Rolling out mobile networks to rural and developing areas in Africa can save thousands of lives and stimulate economic development, according to research on a network project.
The study - conducted by Ericsson, the Earth Institute and Millennium Promise – involved monitoring and evaluating the impact of the development of mobile networks in rural areas of Ghana, Nigeria, Kenya and Tanzania.
Universal mobile access in rural areas will help save up to 6,000 lives a year in these countries if a toll-free emergency services number is maintained, the study found.
Mobile networks also have the potential to stimulate economic development, a finding in line with other studies showing a potential improvement of 1.2% GDP growth for every 10% increase in mobile penetration.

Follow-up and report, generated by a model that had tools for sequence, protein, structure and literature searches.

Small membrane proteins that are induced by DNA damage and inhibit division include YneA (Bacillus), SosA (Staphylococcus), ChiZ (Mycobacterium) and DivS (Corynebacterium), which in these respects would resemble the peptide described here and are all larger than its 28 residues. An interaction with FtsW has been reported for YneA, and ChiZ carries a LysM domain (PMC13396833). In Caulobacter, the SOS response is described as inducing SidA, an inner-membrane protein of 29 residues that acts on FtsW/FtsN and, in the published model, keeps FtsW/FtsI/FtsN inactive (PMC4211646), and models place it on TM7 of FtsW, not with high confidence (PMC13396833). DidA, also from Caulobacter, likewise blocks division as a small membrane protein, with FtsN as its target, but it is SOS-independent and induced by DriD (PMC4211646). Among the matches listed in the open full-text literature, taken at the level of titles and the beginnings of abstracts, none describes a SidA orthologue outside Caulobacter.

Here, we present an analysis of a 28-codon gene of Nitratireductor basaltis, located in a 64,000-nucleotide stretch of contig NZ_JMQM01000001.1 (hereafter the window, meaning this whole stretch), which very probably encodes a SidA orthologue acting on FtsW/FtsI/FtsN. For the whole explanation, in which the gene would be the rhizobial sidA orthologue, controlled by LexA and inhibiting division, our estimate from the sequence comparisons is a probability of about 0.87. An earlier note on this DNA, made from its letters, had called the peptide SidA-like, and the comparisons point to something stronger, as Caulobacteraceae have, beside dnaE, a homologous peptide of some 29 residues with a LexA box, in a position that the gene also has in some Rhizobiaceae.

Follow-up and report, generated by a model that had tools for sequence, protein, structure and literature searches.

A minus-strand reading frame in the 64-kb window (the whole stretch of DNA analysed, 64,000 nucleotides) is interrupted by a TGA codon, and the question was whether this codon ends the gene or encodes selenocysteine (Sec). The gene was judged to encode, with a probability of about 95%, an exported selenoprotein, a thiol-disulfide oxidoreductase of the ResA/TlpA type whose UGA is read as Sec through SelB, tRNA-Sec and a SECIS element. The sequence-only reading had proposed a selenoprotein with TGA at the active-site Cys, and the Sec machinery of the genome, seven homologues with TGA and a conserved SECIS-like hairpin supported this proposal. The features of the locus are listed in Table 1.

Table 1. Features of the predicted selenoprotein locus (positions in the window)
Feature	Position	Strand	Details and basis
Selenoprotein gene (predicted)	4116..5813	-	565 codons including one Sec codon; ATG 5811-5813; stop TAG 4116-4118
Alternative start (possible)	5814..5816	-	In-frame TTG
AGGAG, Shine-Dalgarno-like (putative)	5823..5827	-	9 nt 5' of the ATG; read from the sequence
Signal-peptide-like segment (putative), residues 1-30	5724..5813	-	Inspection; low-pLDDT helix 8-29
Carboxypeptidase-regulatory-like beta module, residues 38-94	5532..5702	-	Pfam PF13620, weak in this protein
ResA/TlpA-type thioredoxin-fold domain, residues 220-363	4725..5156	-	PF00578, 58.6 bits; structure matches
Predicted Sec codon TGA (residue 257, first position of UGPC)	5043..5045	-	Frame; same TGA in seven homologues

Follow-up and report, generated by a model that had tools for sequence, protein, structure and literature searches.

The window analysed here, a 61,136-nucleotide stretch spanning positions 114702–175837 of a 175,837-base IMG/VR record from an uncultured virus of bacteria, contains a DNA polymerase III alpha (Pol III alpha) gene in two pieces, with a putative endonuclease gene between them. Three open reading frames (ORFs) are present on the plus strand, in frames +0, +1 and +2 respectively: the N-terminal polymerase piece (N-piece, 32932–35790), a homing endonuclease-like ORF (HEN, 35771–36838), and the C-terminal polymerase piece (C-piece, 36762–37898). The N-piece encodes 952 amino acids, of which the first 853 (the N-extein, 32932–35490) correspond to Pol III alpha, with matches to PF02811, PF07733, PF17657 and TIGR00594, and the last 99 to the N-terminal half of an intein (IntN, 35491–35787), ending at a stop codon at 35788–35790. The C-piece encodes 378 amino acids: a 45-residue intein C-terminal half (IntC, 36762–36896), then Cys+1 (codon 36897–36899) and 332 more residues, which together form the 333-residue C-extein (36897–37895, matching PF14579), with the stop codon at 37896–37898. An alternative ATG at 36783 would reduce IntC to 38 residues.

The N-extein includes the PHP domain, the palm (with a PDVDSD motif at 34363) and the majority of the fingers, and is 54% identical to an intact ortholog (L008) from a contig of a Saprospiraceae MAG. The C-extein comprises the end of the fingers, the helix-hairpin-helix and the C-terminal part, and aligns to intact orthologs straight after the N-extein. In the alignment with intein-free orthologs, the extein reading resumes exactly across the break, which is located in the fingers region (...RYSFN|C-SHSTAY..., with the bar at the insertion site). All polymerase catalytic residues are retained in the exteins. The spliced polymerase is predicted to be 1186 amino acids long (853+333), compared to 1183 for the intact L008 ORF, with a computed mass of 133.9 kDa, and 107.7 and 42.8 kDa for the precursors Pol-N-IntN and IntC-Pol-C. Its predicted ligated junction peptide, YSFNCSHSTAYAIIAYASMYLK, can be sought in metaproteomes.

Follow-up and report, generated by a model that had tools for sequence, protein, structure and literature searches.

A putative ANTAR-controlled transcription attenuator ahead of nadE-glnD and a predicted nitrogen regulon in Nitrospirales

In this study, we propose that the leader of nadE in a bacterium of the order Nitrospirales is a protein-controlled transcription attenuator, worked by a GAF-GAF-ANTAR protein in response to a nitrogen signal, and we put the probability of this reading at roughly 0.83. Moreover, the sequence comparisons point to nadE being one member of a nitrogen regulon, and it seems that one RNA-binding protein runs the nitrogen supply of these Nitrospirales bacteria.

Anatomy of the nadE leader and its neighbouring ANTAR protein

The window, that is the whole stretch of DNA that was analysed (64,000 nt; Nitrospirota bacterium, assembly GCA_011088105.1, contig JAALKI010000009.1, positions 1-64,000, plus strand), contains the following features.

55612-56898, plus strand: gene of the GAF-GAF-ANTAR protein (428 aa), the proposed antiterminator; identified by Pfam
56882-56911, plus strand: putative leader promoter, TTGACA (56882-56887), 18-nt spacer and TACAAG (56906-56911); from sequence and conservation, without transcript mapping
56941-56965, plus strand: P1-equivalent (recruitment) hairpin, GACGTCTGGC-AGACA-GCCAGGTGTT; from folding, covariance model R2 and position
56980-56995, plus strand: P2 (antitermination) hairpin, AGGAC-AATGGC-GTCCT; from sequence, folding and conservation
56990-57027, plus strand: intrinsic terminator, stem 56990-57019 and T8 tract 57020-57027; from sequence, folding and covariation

Three in four respondents to a survey in those four countries said they had benefited socially or financially from access to a mobile phone. But where three quarters of the population earns less than $1 a day, residents must make financial sacrifices to afford mobile phones.
They often pay between 5-15% of their household income on mobile top-ups – self-reported monthly expenditure ranged from $2 to nearly $50 per person.
High end-user costs are the main barrier to increased uptake of mobile phone and voice/data services. The lack of a dependable energy supply – an estimated 2.6 billion people in developing countries have no or unreliable access to grid electricity – is also limiting adoption.
The study examines the impact so far of the Millennium Villages Project, a joint initiative between Ericsson, MTN, Zain and Sony Ericsson in 12 village clusters in ten African countries.